CNS photo/Philippe Vaillancourt, Presence

Charles Lewis: Religion truly is under mob attack

By 
  • August 26, 2021

A priest friend of mine was recently talking about the current state of affairs as it relates to religious freedom in Canada.

Our society has been turning against religion in a way that is unprecedented for a so-called free country, he concluded.

Twenty years ago I would have thought his views were extreme. But not today — it might even be an understatement.

Examples of anti-Christian bias, especially against orthodox Christians, abound. They come from various sectors, not just government, but government sets the tone for the larger society.

The examples of government hostility over the years are numerous, especially when it comes to ignoring our views on such issues as euthanasia and abortion. But it doesn’t stop there.

You will recall the hideous attack on the Delta Hospice Society’s Irene Thomas Hospice in a Vancouver suburb in the spring.

A Christian group built the facility with private funds. It was a beautiful 10-bed facility for those who wanted to die a natural death in peace and comfort. They did not offer euthanasia. For the local health authority and others that was beyond the pale and so Delta is likely no more. 

Keep in mind that we are always talking about choice. Yet a small facility that offered choice was considered an outlier. Oh … for those who decided they did want euthanasia it was a two-minute wheelchair ride to a hospital that performs euthanasia.

The universities in this country also like to get into the act. When I was at the National Post I wrote about how pro-life clubs were constantly decertified and kicked off of campuses. In one case police arrested students for holding a peaceful protest. These students paid their tuition and fees but were treated horribly.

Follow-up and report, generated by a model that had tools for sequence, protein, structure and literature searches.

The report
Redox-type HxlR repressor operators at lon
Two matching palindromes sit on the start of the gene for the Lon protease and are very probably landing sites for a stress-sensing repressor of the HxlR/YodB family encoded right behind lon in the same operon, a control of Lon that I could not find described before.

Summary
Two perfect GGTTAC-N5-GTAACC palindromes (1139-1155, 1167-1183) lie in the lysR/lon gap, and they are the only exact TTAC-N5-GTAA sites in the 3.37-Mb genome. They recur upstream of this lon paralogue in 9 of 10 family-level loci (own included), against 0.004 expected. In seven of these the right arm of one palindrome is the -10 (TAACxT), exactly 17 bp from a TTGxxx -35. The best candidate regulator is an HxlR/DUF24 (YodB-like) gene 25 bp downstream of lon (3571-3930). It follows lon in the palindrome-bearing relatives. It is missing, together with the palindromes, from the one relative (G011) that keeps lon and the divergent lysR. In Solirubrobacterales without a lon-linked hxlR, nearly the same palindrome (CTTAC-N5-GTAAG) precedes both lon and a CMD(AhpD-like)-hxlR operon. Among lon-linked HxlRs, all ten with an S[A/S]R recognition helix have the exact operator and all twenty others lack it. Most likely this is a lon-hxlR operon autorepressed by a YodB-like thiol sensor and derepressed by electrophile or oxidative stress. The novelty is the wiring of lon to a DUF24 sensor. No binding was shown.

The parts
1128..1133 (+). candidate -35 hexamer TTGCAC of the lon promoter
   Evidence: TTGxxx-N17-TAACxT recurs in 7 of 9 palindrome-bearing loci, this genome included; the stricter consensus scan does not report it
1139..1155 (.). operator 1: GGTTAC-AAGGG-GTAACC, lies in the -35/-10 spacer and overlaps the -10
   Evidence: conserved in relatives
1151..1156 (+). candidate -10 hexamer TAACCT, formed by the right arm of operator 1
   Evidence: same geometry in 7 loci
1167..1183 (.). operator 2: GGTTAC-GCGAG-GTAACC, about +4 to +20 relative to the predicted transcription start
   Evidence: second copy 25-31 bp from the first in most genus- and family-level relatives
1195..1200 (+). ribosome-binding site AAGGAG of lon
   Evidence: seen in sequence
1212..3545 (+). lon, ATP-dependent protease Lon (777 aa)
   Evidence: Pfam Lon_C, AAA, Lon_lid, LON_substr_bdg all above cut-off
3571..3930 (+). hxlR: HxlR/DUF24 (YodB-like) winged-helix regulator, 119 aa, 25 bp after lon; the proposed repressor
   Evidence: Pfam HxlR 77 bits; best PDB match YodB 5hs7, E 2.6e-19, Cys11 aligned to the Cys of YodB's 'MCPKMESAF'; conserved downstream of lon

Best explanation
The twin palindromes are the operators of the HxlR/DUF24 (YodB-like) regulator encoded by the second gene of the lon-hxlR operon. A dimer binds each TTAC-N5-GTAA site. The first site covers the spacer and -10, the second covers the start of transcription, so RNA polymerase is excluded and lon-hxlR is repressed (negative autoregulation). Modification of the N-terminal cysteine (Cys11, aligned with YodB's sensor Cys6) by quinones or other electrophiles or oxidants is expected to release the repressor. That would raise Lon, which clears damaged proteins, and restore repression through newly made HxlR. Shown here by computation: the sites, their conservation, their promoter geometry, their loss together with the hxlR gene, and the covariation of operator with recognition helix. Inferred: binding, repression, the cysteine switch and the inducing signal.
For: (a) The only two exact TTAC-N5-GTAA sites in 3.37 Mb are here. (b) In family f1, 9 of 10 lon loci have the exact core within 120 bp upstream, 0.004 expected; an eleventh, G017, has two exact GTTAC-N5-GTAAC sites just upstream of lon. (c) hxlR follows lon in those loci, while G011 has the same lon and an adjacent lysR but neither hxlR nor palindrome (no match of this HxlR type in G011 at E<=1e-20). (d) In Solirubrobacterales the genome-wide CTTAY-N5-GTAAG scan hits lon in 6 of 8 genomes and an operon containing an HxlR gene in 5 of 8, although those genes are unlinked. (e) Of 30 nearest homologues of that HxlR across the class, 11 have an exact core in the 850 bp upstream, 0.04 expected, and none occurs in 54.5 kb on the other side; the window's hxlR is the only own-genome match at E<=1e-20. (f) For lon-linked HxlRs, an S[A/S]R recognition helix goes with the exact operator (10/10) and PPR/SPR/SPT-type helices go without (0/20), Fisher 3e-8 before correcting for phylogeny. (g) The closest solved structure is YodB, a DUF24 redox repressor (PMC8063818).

Then one of the university regulatory bodies began to write negative reports about Christian universities. The reports were bogus, based on information garnered on websites rather than in interviews with professors and students. It boiled down to the idea that a Christian school could not possibly offer a good education.

One of the worst examples was the attack by three law societies against Trinity Western University’s bid to build a law school. The problem was not lack of academic excellence but a morals code students had to abide by. Only those in a heterosexual relationship were recognized as married.

The school did not discriminate against anyone. All it asked was to respect the school’s beliefs. There was no evidence that graduates of other TWU programs ever showed homophobia in their work. But of course with prejudice proof is not necessary. It comes down to: “You can’t trust those people.”

TWU’s hope for a law school died in 2018.

Two years ago Rafael Zaki was expelled from the University of Manitoba. His crime was to post pro-life and pro-gun rights opinions on Facebook. The total number of posts was a whopping three.

According to a report in the National Post, Zaki is a Coptic Orthodox Christian from Egypt. The school was concerned — see if this sounds familiar — that his views went against the grain of responsible society. The school’s discipline committee said Zaki was booted for “holding conscientious and religious beliefs that abortion is harmful.”

He lost two appeals and was out.

What is truly ironic is that Zaki’s family came to Canada to enjoy freedom of speech and thought. They came to escape repression.

This story may yet have a happy ending. In August the Manitoba Court of Queen’s Bench quashed the university’s decision. Ken Champagne, the provincial judge, concluded that the university failed to consider Zaki’s Charter rights, said the National Post.

When did universities become the enemies of free speech? What kind of administrators are afraid of differences of opinion? Has an education simply become swallowing only those views progressives deem correct? Is there now just one side to every story?

Thank God for Judge Champagne for upholding the values that not so long ago were considered the norm. Let us hope there are more like him who does not fear the mob.

(Lewis is a Toronto writer and regular contributor to The Register.)

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